The documentary is a Downstream/ NFB production. The NFB will be rolling out the film via festival, theatrical, and community screenings over the course of this year. CBC will broadcast Nîpawistamâsowin: We Will Stand Up in the fall. First Nations Drum will publish a review of Nîpawistamâsowin: We Will Stand Up in the April 2019 issue.

Nicole Robertson Reflects on Her Role in the Media

Donald Trump is known for dishing it out, but not too many people who are willing to challenge him back. Especially to his face. Nicole Robertson (above) heard Trump toss off a racial slur before a press conference in Bismark North Dakota in July of 2016. Trump, then on his presidential campaign referred to Elizabeth Warren as “Pocahontas,” to that, Robertson, who was one of the journalist at the press conference, called him out and shouted, “Offensive.” To which Trump replied, “sorry.”

Women across the globe will be honored for their accomplishments and achievements on International Women’s Day, March 8, 2019, with the theme, #balanceforbetter.

One such First Nations woman who’s inspired her generation and future generations is Nicole Robertson. Nicole is a Media Specialist and President of Muskwa Productions & Consulting. Muskwa Productions brings 18 years of experience in the media.

She specializes in media relations, training and video production. Her business services also include educational and commercial videos.

Nicole is the youngest of her two siblings and is from from the Mathias Colomb Cree Nation in Northern Manitoba.

First Nations Drum talked with Nicole and discussed her role in the media.

When did you start Muskwa Productions, and what gave you the idea to start your business?

“Muskwa Productions which is now Muskwa Media turned into an idea when I was working as a journalist in television, radio and print. In those 10 years, what happened is, I realized a lot of our First Nations people were in a place where they did not know the full story and the media was painting a picture that wasn’t basically the truth for First Nations in this country. A lot of the news coverage was based on stereotypes and based on the negativity and not based on the reality. I was trying to change the narrative. Also you have to realize this was pre smart phones, the internet, and social media. I have a passion to educate Canadians and the world about who we are as Indigenous people and essentially improve communications with our neighbours in our own country and abroad.”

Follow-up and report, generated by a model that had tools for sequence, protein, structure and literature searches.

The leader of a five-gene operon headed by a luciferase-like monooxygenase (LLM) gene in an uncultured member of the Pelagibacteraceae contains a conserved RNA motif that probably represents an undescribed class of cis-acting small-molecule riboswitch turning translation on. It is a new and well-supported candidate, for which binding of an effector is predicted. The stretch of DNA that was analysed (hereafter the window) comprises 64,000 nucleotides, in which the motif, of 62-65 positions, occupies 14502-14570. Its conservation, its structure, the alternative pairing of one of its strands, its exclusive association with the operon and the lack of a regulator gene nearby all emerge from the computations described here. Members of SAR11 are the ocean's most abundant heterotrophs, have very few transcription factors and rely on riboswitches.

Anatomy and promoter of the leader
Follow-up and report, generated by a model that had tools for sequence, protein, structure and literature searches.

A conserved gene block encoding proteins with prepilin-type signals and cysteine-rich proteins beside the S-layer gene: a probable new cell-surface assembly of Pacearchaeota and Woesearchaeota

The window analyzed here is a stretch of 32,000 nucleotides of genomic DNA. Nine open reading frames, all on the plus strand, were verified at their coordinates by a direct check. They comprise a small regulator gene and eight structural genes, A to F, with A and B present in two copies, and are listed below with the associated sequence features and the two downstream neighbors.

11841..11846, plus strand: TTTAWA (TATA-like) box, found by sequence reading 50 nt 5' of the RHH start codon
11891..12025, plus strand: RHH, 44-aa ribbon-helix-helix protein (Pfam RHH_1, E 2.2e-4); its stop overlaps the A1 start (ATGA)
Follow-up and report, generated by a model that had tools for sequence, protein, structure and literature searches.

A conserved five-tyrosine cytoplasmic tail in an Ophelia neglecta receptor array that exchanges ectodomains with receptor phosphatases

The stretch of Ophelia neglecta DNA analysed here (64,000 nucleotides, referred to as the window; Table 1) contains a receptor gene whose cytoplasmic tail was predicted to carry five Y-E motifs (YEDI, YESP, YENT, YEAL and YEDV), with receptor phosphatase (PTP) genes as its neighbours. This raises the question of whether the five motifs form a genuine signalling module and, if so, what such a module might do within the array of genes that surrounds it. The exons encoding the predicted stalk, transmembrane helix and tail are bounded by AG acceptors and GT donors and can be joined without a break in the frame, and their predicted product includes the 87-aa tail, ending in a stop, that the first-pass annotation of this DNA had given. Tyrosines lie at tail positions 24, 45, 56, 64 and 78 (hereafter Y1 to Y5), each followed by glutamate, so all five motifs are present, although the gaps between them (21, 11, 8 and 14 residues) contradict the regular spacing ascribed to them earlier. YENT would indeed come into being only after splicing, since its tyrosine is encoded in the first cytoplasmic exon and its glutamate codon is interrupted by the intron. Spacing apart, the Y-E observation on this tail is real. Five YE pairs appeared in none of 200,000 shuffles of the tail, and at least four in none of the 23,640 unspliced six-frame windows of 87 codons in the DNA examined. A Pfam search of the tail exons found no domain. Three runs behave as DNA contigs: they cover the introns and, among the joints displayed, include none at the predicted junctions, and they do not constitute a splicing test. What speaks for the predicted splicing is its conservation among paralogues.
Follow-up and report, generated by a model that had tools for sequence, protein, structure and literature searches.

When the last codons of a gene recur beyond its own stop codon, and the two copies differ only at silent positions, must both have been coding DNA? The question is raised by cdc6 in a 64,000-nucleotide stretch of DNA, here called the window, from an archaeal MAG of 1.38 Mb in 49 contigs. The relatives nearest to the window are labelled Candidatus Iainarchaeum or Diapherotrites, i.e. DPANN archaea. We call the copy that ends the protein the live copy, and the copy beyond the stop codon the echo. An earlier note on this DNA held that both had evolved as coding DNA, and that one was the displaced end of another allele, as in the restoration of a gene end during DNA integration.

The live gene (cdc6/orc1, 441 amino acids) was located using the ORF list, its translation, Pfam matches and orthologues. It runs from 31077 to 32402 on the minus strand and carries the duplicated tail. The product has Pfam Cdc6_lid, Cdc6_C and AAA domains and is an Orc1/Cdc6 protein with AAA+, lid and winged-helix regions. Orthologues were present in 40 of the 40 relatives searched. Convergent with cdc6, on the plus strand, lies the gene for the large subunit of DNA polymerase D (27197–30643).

What are the main challenges you face with your business?

“I know that people hire me for me, so I am a brand in itself. I realize that trying to take on too much is not a good thing, because I just do not have enough time because I am a single mom. I have a daughter and I need to have a balance. I don’t want to miss important milestones in my child’s life and at the same time I don’t want to miss on major events and news in Indian country that the Indigenous community wants me to help share in the media, so it’s a very delicate balance. Of course my daughter is my main priority, so yeah there is challenges.”

So far in your career, what are some of the achievements that stand out?

“I would say, being recognized by my peers who nominated me for Alberta Chambers of Commerce in 2018 and I won the Indigenous Entrepreneur Woman of Distinction. Also working with the youth, inspiring them and at the same time they inspire me. Having the opportunity and the honour in speaking at different events across the country. Of course another huge inspiration is my own daughter, and being told by her that I am one of her role models.”

How has the business landscape changed since you began your business?

“The Internet, smart phones, and social media. I remember owning the very first blackberry, long story short, I am so glad technology has improved because when you look at the media, a lot of what we do is based on technology. Another change is the willingness of our people to speak out is a big change. Before there was a reluctancy for many First Nations and leadership to open up to the media, now it’s reversed to consistently share our stories, so that is something that has changed massively.”

What are your thoughts on current Liberal MLA, Jody Wilson-Raybould controversy?